Originally Posted by verystormy View Post
You will need a registered migration agent and a solicitor and potentially some deep pockets to pay for a expensive court battle
IMO this is likely to turn into a "deep pockets" case, with the parent who is prepared to spend the most on lawyers fees and court costs likely to prevail, and certainly the OP can't start down this road with the assumption that the court is automatically going to decide in her favour, especially as the doesn't appear to be any compelling reason for her to relocate to the other side of the world, other than she just feels like it.

Also the OP might get an ugly shock over her assumption about the father of her other children - even fathers who have little or even no contact with their children still have rights under the law, and so she should either expect to have to try to contact their father and obtain written approval from him, or she will also need a court order for those children. In other words, just declaring that the children's father is "out of the picture" does not give her unrestricted rights to remove them from the UK. She will probably have to provide such evidence in order to get a visa for them anyway, but hypothetically if she manages to get a visa without approval from her children's father there is the possibility that, if the father finds out, he could complain to the court in the UK and obtain an order that the children have been abducted. And because Australia is a signatory to the Hague Convention on International Child Abduction, the Australian courts would be required to return the children to the UK for a court hearing, and there is almost no possibility to object to the children being returned even if their father's request has little apparent validity.

Last edited by Pulaski; Jun 30th 2020 at 4:18 am.
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Old Jun 30th 2020, 5:57 am
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Default Re: Separated parents, one emigrating

Originally Posted by HazelHue View Post
The last thing I want is to take him away from his dad but I have 4 of us to think about and I just want to give my kids the best life possible. I wouldn’t even entertain the idea of going on the run and, from what I’ve read, I wouldn’t need to, as the court grants these kind of orders all the time - with access/visiting built in to it, ie I would return with my child so he could spend time with dad and dad would come to visit, etc.
Not that I have to justify anything but I’ve been planning this for years and dad was part of it. He left so tell me why should that stop me? There’s always two sides to a story.
No, of course you dont have to justify your reasons but I am not sure it is going to be the plain sailing you think it will be - yes, courts grant orders but generally the move will have been proved to be a beneficial one and I think you may stumble at that. You will have to justify why taking a child to an uncertain future on the other side of the world just because you may have been planning it for years is going to be better than leaving the child where he has the loving relationship and stability with his dad. I've worked in education - what you earn is barely going to scratch the surface let alone allow you/him to make an annual visit home to see dad (which will have to be at Christmas every time you visit because you wont get leave during term time) - or for you to pay for dad to visit him for that matter. And that is IF you can get a permanent job at all. Unless you are secondary Maths/Science you may well struggle for a long time to get a sniff of anything permanent and even then it may not be where most English migrants would consider to be the Aussie dream - in fact very dubiously a "better" life for a child. You will have to be very specific about what will constitute "better" - being away from extended family, as well as dad, could be construed as a bit of a barrier. Being with a single mum in a foreign country with no support could be a bit of a barrier. Being with a single mum who could struggle to find permanency in her profession could equally be a bit of a barrier.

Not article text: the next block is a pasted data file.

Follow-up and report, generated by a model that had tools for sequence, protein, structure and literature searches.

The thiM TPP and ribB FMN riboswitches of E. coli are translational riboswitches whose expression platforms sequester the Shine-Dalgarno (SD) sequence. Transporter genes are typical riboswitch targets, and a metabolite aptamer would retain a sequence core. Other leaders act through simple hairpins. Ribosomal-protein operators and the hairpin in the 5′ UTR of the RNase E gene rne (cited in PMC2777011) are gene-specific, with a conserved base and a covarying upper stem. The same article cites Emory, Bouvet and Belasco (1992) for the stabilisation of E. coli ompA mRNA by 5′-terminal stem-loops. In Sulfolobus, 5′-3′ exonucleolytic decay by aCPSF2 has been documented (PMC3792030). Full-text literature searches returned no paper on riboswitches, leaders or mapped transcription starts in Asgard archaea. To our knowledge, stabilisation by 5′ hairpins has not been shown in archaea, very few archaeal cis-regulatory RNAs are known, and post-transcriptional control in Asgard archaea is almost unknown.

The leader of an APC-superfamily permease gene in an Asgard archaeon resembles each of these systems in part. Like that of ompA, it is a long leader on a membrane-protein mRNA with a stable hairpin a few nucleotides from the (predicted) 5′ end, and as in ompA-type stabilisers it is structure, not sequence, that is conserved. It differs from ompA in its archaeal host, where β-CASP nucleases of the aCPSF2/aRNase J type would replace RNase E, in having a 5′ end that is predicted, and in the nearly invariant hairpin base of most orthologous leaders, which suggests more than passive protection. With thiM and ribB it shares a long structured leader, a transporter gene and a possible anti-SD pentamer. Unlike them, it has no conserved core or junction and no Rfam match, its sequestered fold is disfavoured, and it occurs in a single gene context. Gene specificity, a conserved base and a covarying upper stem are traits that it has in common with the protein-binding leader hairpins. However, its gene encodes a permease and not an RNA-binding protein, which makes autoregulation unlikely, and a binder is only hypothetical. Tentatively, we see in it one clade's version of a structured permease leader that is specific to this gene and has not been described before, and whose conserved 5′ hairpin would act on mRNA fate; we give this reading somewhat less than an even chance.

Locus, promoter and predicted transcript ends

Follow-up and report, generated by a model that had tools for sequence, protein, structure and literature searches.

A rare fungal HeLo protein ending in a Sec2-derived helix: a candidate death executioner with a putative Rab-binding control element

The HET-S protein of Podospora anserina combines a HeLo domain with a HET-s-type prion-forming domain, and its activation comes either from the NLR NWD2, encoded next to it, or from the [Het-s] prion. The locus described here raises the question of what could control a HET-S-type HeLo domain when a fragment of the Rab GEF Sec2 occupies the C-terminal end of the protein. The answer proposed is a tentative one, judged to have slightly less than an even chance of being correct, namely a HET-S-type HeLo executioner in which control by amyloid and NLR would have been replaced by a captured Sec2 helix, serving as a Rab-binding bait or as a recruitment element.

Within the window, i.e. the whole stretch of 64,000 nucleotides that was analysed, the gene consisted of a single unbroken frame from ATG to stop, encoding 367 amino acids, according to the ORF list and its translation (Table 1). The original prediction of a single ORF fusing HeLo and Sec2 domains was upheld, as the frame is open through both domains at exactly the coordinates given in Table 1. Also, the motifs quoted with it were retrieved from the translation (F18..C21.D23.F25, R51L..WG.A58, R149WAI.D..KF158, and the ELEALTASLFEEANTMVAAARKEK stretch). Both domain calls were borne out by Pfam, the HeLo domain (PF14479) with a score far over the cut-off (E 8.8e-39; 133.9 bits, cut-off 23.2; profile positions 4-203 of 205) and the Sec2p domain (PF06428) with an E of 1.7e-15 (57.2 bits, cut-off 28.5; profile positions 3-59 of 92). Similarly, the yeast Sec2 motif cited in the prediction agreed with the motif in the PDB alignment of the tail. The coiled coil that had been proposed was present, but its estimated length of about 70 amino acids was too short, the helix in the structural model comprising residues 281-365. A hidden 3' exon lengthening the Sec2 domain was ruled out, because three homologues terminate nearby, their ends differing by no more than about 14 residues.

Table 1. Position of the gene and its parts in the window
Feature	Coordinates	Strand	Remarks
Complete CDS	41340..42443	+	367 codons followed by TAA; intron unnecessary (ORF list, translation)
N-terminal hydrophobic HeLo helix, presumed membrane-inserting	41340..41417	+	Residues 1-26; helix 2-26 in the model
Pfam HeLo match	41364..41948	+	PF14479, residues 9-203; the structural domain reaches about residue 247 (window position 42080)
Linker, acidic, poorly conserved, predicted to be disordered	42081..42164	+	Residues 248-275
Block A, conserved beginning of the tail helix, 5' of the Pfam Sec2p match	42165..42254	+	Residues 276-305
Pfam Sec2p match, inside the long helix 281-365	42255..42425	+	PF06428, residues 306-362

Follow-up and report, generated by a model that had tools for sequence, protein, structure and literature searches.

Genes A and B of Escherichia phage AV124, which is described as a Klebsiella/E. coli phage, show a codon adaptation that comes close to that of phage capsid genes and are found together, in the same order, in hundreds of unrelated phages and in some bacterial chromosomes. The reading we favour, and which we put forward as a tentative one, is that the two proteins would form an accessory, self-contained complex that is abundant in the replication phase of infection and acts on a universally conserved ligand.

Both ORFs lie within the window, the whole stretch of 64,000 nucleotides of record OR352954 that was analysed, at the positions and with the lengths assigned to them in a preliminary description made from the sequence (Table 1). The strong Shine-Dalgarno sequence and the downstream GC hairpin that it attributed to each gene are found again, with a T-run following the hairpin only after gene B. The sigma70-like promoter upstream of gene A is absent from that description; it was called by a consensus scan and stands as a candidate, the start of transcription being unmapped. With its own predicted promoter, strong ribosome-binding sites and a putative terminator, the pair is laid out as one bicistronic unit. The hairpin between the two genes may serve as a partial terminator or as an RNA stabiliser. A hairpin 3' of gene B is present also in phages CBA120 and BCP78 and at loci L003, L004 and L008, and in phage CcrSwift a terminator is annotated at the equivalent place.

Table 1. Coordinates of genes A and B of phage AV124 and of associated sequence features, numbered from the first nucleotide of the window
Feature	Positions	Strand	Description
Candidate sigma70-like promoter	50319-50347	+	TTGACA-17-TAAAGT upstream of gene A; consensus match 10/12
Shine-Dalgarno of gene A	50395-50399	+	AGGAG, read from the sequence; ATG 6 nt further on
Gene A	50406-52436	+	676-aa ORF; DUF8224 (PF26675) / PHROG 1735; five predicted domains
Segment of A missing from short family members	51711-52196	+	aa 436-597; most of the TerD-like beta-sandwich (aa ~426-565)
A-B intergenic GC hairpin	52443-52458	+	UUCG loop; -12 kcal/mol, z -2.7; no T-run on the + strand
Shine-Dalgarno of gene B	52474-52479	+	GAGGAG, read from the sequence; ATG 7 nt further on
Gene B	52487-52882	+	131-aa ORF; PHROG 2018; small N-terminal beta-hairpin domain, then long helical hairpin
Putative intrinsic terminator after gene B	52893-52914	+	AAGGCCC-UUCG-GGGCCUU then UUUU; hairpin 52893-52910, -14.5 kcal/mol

My original question remains though, are you sure that you will get a visa in the first instance? Teachers are ten a penny in Australia and especially in times of recession, people who may have left the system try to get back into a recession proof occupation and once trained teachers start banging on the doors again. Many, especially primary, teachers cant even score their first job and end up doing something else.
As has been said, I think you will be up for a very expensive court case and I am not sure that "having a dream" is grounds enough to be granted leave to remove a child if the other parent says no. It is a real shame that you and his dad couldnt have done this together but, even so, you may well have been faced with a court case from the father of your other children, present or not.